Govt white paper: Eat greens, breakfast

japanese woman cookingJAPAN - The government approved at a Cabinet meeting Friday the country's first white paper on food education, which emphasizes the importance of proper nutrition and warns that healthy dietary habits, such as regular, well-balanced meals and families having sit-down meals together, are disappearing.

In a government survey conducted in 2004, just 25.9 percent of families said they ate dinner together every day, down from 36.5 percent in 1976, due to the growing tendency to eat out and the diversification of lifestyles, the white paper says.

A similar survey taken in 2000 found that almost one in five children in the fifth grade of primary school did not eat or rarely ate breakfast, while the figure for second-year middle students was 25.1 percent.

The white paper points out that children who are not in the habit of having breakfast tend to feel tired or irritable, while those who do eat the meal appear to get higher scores on written examinations.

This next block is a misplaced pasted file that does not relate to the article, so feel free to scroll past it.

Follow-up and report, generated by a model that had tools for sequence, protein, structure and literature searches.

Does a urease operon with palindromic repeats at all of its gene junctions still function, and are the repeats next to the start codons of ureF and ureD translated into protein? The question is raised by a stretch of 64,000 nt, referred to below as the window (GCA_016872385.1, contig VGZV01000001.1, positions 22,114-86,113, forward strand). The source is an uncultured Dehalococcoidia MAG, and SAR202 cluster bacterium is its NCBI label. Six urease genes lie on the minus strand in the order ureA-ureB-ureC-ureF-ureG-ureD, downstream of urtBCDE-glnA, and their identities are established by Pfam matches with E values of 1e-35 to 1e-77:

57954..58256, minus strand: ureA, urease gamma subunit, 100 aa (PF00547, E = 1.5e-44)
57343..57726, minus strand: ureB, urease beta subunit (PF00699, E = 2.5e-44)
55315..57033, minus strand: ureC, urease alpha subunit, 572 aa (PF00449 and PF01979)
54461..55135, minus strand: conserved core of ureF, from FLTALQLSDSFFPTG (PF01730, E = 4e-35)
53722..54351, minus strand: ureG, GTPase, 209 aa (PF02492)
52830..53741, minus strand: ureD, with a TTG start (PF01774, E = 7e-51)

The government has set nutrition-related goals for 2010, including having all children eat breakfast and reducing the percentage of men in their 20s who do not eat the meal to 15 percent from the current more than 30 percent.

To meet these targets, the white paper suggests promoting food education at home under the slogan "Early to bed, early to rise and eat breakfast!"

Calculated on a calorie basis, the current ratio of food self-sufficiency in Japan is about 40 percent, which is one of the worst among developed countries, the white paper says.

Although the traditional, well-balanced Japanese diet was popular until the 1980s, poor eating habits have been on the rise, including eating too much fatty food and not enough vegetables.

source - Yomiuri